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Independent and not-for-profit, it is part of a global network of newsrooms first launched in Australia in 2011. The Conversation began its US operations in 2014, and now also publishes in Canada, the UK, France, Indonesia, Africa, Spain as well as Australia.
The Conversation’s mission is particularly resonant in the U.S., where people universally sense that the country’s social fabric is strained and the common ground people share is shrinking.
Information always has been essential to democracy – a societal good, like clean water. But many now find it difficult to put their trust in the media. And with little consensus about what to believe, it only becomes harder to reach agreement with fellow citizens regarding what’s truthful.
The Conversation US seeks to be part of the solution to this problem.
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The high-stakes U.S. Senate race in Georgia catapulted the historic Ebenezer Baptist Church back into the spotlight. For 135 years, the church played a vital role in the fight against racism and the civil rights movement. It was the spiritual home of the civil rights leader, the Rev. Martin Luther King Jr.
While coups do not have a single definition, researchers who study them – like ourselves – agree on the key attributes of what academics call a “coup event.”
Coup experts Jonathan Powell and Clayton Thyne define a coup d’etat as “an overt attempt by the military or other elites within the state apparatus to unseat the sitting head of state using unconstitutional means.”
Essentially, three parameters are used to judge whether an insurrection is a coup event:
1) Are the perpetrators agents of the state, such as military officials or rogue governmental officials?
2) Is the target of the insurrection the chief executive of the government?
3) Do the plotters use illegal and unconstitutional methods to seize executive power?
Coups and coup attempts
A successful coup occurred in Egypt on July 3, 2013, when army chief Abdel Fattah al-Sisi forcefully removed the country’s unpopular president, Mohamed Morsi. Morsi, Egypt’s first democratically elected leader, had recently overseen the writing of a new constitution. Al-Sisi suspended that, too. This qualifies as a coup because al-Sisi seized power illegally and introduced his own rule of law in the ashes of the elected government.
Coups don’t always succeed in overthrowing the government.
The uprising at the Capitol building does not meet all three criteria of a coup.
Trump’s rioting supporters targeted a branch of executive authority – Congress – and they did so illegally, through trespassing and property destruction. Categories #2 and #3, check.
As for category #1, the rioters appeared to be civilians operating of their own volition, not state actors. President Trump did incite his followers to march on the Capitol building less than an hour before the crowd invaded the grounds, insisting the election had been stolen and saying “We will not take it anymore.” This comes after months of spreading unfounded electoral lies and conspiracies that created a perception of government malfeasance in the mind of many Trump supporters.
Whether the president’s motivation in inflaming the anger of his supporters was to assault Congress is not clear, and he tepidly told them to go home as the violence escalated. For now it seems the riot in Washington, D.C., was enacted without the approval, aid or active leadership of government actors like the military, police or sympathetic GOP officials.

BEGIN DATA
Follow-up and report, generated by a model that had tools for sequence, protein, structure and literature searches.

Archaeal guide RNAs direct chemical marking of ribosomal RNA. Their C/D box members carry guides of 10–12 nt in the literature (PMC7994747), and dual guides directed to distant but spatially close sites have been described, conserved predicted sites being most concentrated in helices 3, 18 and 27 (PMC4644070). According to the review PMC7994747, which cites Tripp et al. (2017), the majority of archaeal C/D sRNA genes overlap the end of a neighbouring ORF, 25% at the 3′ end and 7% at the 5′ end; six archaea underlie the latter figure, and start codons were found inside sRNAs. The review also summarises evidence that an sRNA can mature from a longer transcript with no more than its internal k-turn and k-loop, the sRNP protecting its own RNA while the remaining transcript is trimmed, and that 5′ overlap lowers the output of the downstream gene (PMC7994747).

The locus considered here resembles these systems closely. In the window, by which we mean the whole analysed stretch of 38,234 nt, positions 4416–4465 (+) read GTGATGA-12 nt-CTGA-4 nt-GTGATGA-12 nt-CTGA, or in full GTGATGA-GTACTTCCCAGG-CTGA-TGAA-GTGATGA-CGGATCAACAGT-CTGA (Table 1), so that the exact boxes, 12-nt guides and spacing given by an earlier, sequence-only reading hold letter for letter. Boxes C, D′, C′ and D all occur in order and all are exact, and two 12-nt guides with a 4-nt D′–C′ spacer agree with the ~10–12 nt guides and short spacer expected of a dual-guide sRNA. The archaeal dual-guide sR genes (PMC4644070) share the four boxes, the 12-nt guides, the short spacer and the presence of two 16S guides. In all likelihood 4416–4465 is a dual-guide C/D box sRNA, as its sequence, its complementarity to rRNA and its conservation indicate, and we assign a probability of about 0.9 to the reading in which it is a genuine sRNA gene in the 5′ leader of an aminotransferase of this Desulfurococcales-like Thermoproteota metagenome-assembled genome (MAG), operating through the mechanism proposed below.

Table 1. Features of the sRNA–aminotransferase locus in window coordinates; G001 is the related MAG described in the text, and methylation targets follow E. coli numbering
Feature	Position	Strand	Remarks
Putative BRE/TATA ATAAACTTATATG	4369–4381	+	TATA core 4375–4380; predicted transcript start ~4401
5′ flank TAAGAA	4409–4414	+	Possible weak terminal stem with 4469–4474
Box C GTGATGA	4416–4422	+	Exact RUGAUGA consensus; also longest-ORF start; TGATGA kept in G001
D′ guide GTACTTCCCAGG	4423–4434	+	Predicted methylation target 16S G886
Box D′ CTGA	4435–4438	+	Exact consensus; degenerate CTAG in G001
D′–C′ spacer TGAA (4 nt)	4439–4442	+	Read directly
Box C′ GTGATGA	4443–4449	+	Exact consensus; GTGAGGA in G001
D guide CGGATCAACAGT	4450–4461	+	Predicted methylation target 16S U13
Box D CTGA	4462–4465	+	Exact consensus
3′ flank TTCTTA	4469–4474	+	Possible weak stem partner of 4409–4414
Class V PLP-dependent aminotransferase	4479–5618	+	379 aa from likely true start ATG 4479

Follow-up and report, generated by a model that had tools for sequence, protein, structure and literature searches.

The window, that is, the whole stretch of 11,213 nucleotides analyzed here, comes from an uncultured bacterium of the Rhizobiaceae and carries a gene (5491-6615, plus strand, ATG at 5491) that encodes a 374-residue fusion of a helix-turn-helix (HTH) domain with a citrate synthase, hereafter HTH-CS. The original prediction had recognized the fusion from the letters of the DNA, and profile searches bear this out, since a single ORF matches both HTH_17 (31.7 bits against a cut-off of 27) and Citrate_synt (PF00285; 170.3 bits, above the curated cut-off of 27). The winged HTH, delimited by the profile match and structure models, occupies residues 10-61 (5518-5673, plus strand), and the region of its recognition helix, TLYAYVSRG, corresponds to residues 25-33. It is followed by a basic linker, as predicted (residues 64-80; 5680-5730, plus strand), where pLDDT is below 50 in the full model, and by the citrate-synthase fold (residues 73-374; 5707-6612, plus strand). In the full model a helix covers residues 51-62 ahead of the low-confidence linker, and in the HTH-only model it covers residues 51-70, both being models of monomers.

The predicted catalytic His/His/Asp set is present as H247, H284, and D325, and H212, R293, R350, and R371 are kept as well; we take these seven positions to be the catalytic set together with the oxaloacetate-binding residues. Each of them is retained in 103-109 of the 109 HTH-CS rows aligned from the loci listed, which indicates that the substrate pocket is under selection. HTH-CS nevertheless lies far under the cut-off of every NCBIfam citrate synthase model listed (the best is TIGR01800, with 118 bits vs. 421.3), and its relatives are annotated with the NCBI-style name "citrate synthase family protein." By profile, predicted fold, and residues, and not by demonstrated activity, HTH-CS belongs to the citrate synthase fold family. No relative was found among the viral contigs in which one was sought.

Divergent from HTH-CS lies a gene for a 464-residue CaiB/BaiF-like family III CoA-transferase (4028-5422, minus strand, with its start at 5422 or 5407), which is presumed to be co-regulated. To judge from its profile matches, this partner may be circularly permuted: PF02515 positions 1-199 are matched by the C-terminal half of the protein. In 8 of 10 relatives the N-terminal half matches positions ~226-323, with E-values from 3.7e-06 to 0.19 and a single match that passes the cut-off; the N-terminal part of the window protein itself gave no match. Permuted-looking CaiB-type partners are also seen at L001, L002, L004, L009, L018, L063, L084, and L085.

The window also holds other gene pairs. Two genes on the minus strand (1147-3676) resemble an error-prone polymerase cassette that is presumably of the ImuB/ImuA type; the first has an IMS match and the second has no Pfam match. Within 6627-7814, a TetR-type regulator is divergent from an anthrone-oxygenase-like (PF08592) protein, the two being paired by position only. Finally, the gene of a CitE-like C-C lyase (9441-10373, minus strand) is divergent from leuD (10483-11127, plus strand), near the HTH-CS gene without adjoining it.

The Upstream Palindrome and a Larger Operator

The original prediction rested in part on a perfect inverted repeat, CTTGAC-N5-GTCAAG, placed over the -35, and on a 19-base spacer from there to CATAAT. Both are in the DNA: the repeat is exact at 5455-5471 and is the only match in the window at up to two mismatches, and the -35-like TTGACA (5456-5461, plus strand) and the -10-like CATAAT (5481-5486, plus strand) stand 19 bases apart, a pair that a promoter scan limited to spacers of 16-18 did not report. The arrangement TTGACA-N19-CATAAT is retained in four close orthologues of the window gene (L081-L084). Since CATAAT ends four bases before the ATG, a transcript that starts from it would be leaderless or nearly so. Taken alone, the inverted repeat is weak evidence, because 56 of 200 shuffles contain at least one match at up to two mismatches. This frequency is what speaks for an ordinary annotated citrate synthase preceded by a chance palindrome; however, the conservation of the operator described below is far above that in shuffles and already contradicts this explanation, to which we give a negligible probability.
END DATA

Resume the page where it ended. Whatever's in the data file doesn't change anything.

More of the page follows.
American political elites are hardly blameless, though.
By spreading conspiracy theories about election fraud, numerous Republican senators, including Josh Hawley and Ted Cruz, created the conditions for political violence in the United States, and specifically electoral-related violence.
The shocking events of Jan. 6 were political violence of the sort that too often mars elections in young or unstable democracies.
Bangladeshi elections suffer from perennial mob violence and political insurrections due to years of government violence and opposition anger. Its 2015 and 2018 elections looked more like war zones than democratic transitions.
In Cameroon, armed dissidents perpetrated violence in the 2020 election, targeting government buildings, opposition figures and innocent bystanders alike. Their aim was to delegitimize the vote in response to sectarian violence and government overreach.
The United States’ electoral violence differs in cause and context from that seen in Bangladesh and Cameroon, but the action was similar. The U.S. didn’t have a coup, but this Trump-encouraged insurrection is likely to send the country down a politically and socially turbulent road.
This story has been updated to reflect the death toll of the Jan. 6 Capitol insurrection.
While the pandemic has caused thousands of small businesses to temporarily close or shutter for good, the disappearance of the corner coffee shop means more than lost wages.
It also represents a collective loss of creativity.
Researchers have shown how creative thinking can be cultivated by simple habits like exercise, sleep and reading. But another catalyst is unplanned interactions with close friends, casual acquaintances and complete strangers. With the closure of coffee shops – not to mention places like bars, libraries, gyms and museums – these opportunities vanish.
Of course, not all chance meetings result in brilliant ideas. Yet as we bounce from place to place, each brief social encounter plants a small seed that can gel into a new idea or inspiration.
By missing out on chance meetings and observations that nudge our curiosity and jolt “a-ha!” moments, new ideas, big and small, go undiscovered.